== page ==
SAGE KE Bulletin Board
8 July 2002
James M. Harper
Supplementing one's diet with sources rich in antioxidant compounds in order to ward off the effects of oxidative stress has been the focus of a number of recent studies aimed at discovering effective 'anti-aging' therapies. In particular, due to their high vitamin E, vitamin C, carotenoid, and flavonoid content, various fruit and vegetable juices/extracts (e.g., strawberry, blueberry, spinach) have received most of this attention. This logic has also been applied to the treatment of various age-related pathologies; that is, can antioxidant supplementation delay or prevent the onset of neurodegenerative and/or cardiovascular diseases thought to be linked to a lifetime's worth of exposure to oxidative stress?
In a recent publication [Effects of an antioxidant-rich juice (sea buckthorn) on risk factors for coronary heart disease in humans. Eccleston C, Baoru Y, Tahvonen R, Kallio H, Rimbach GH, Minihane AM. J. Nutr. Biochem. 13: 346-354, 2002]the effect of supplementing yet another, but unique, fruit juice (sea buckthorn)on known risk factors of coronary heart disease thought to be a consequnce of oxidative stress was evaluated.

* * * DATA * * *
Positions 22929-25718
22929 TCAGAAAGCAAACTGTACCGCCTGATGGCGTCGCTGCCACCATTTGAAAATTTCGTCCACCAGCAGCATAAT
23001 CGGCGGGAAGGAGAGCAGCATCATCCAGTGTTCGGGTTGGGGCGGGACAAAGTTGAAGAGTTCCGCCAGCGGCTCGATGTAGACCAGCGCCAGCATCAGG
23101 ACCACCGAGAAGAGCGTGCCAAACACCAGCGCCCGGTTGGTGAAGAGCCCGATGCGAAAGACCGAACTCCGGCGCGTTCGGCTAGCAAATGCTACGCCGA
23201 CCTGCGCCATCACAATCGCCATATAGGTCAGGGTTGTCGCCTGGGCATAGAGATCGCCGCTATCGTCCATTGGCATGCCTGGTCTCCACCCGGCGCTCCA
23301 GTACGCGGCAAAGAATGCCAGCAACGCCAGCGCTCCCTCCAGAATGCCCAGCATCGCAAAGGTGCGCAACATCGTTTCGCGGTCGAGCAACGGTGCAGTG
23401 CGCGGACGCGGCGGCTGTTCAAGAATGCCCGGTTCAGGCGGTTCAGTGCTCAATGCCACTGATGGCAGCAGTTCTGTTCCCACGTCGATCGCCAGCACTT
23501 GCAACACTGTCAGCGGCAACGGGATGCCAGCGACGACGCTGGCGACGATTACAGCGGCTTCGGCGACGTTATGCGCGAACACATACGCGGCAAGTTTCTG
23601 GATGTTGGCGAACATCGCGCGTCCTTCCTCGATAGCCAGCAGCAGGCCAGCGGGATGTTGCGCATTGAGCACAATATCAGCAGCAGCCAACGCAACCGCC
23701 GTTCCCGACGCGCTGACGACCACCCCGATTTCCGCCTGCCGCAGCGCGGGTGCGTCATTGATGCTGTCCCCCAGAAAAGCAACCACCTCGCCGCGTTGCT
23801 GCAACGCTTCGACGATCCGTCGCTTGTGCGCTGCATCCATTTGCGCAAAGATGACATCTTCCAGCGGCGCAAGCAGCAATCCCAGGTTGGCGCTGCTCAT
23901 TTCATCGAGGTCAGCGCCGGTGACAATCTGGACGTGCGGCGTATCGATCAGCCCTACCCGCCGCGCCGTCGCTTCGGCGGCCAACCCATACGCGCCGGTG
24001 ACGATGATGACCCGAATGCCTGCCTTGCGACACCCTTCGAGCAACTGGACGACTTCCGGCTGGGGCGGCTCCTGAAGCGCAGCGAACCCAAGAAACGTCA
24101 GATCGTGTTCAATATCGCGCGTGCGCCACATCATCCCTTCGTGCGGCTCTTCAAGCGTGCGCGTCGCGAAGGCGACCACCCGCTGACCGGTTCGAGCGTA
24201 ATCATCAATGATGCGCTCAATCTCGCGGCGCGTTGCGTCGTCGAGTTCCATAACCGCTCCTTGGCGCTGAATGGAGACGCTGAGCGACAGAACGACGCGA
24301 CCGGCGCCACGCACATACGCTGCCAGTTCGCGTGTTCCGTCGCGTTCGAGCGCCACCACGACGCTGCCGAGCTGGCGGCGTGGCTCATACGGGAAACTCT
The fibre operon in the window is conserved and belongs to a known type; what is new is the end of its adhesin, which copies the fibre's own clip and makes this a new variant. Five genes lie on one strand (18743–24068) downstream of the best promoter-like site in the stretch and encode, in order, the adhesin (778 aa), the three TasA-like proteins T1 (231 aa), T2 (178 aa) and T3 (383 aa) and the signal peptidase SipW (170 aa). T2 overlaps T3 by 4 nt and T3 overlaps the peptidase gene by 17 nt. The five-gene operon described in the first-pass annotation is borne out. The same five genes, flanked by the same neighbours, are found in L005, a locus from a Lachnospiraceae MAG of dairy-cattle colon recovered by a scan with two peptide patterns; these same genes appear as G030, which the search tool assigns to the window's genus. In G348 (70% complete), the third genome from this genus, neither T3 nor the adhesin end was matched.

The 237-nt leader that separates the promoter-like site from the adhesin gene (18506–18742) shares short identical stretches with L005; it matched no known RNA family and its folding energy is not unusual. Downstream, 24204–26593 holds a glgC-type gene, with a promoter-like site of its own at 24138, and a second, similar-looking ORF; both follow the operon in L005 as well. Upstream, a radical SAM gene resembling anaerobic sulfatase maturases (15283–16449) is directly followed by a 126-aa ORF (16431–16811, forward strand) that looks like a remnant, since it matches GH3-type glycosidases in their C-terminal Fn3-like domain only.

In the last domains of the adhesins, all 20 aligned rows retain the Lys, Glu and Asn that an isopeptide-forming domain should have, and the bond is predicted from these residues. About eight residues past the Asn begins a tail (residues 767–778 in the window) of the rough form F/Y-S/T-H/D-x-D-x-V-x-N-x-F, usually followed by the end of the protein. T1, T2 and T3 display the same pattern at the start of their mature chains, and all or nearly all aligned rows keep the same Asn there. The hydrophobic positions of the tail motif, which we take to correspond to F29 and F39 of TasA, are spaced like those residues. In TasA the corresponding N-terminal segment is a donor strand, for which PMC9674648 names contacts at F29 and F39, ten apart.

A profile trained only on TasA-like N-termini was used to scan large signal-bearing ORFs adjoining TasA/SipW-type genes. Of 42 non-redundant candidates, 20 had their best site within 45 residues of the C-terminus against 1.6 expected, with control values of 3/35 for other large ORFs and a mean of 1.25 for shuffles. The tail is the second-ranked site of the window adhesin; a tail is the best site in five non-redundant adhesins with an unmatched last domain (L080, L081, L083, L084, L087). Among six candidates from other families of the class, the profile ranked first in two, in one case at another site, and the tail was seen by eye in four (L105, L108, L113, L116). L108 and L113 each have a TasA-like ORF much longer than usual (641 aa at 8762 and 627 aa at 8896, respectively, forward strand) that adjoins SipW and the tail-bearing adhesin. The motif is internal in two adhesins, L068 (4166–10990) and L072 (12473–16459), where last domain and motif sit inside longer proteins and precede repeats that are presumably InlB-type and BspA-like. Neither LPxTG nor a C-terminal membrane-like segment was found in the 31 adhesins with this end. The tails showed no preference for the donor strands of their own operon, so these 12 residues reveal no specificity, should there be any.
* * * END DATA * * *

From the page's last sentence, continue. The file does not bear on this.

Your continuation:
In short, no beneficial effect was observed. I find this interesting since other groups studying the 'anti-aging impact' of fruit and vegetable extract supplementation in rodents have also failed to provide any convincing (albeit suggestive) data to support an 'anti-aging' effect of dietary anti-oxidants. The data generated in this human study, therefore, only provides further evidence to suggest that this approach may be ineffective, and that another approach(s) may need to be considered.
Science of Aging Knowledge Environment. ISSN 1539-6150